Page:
By Conor Mihell
Published: January 12, 2011

No one said paddling a sea kayak across the full breadth of the Atlantic Ocean would be easy, but then again, few anticipated that 64-year-old Polish adventurer Aleksander Doba's passage from Africa to South America would be so tough.

In the past month, Doba's east to west progress has been stymied by strong ocean currents and a series of powerful storms. His real-time GPS track, posted on, has assumed a helix-like shape. The next week will likely prove to be the expedition's crux; but according to Doba’s son, Chez Doba, his father will be successful.

"After going in circles for over a month, being stormed on almost every day, being accompanied by barracuda and sharks, who wouldn't be [tired]?" Chez Doba said in an email interview with C&K. "He never mentioned a word about turning back though. He's much tougher than this!"

As first reported on, Aleksander Doba departed Dakar, Senegal, on the far west coast of Africa, on Oct. 26. He averaged 40 miles per day in his first week of travel, and by mid-November he'd covered an impressive 680 miles—about one-third of the straight-line distance from Africa to Fortaleza, Brazil, his intended destination.

But then his progress slowed to a snail's pace. "Storm by storm," Aleksander Doba said in a satellite phone conversation with his son. "They hit every few hours, all day and night. I can't keep direction." Since then, the unrelenting Equatorial Counter Current has effectively put Doba's forward progress on hold.

Only three other paddlers have completed the crossing—Franz Romer in 1928, Hannes Lindemann in 1956 and Peter Bray in 2001—but none have gone continent to continent; previous attempts crossed to and from offshore islands. Doba is traveling exclusively by paddle power in a 23-foot custom-built sea kayak, following a course that, if successful, will ultimately exceed 2,500 miles and likely be the longest paddling trip ever completed on the open ocean, says Bartosz Sawicki, the editor of a Polish kayaking website, who's maintaining Doba's unofficial blog. (You can also follow Doba on Twitter.)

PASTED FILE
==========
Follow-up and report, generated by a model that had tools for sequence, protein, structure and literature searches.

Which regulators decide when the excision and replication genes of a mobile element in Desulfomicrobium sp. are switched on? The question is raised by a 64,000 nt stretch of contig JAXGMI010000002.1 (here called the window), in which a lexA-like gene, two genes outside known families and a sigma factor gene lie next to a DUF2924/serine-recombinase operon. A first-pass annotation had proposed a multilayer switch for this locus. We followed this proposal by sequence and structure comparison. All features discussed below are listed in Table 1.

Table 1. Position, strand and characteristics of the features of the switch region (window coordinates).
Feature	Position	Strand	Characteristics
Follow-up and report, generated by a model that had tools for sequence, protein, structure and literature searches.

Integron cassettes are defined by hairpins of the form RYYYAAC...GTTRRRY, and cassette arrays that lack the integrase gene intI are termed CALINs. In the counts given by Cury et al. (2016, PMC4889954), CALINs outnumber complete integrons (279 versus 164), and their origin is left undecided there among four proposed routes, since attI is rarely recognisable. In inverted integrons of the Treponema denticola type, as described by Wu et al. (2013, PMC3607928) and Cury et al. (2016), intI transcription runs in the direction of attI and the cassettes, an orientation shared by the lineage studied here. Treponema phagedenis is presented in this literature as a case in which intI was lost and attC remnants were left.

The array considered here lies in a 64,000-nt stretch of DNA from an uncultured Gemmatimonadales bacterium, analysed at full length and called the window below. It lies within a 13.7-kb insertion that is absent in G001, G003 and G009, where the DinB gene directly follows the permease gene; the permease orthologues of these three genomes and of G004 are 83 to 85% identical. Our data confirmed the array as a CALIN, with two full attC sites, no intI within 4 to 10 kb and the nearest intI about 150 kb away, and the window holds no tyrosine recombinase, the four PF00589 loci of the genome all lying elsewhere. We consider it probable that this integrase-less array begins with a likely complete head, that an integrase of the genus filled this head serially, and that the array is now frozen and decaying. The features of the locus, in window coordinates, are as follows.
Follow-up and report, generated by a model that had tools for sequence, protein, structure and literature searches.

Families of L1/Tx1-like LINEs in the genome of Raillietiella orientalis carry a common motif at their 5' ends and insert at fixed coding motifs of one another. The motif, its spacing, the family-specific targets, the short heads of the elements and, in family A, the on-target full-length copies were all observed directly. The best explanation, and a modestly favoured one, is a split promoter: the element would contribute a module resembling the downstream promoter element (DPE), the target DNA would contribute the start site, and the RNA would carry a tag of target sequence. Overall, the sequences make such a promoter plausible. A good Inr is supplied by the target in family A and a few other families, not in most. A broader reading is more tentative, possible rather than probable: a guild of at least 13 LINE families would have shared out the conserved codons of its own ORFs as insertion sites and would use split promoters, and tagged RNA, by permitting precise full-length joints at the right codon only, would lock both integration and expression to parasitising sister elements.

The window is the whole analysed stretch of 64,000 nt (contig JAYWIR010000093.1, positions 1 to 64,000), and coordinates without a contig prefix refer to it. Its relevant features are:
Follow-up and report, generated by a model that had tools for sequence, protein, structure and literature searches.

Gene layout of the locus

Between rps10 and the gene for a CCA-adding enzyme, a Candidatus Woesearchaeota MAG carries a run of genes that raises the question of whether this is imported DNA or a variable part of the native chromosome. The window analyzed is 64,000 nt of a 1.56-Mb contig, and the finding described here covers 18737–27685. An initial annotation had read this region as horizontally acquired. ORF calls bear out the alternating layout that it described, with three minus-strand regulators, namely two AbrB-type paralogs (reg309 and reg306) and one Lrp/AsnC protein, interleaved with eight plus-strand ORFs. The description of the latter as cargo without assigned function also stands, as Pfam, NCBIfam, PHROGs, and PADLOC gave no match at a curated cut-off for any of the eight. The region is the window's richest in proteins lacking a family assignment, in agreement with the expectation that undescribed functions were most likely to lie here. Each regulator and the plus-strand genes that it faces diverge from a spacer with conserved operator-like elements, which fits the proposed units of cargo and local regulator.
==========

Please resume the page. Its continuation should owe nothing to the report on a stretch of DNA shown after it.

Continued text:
Besides challenging wind, waves and current, Doba's mid-Atlantic New Years celebrations were marred by the loss of service of his primary water desalinator, forcing him to treat drinking water by hand. He's carrying supplies for about 100 days at sea, meaning that he has approximately 21 days remaining before he runs out of food. However, Chez Doba indicated that his father has already been supplementing his Spartan rations with fresh fish.

After several instances of false hope, yesterday—Jan. 11, Doba's 77th day on the water—was promising. He paddled 70 miles—his longest day yet—putting him within 800 miles of the Brazil coast and suggesting that he's finally entered the friendly east to west-flowing South Equatorial Current. "This will take him straight to Brazil," said an ever-optimistic Chez Doba. "He should be in time for the Carnival."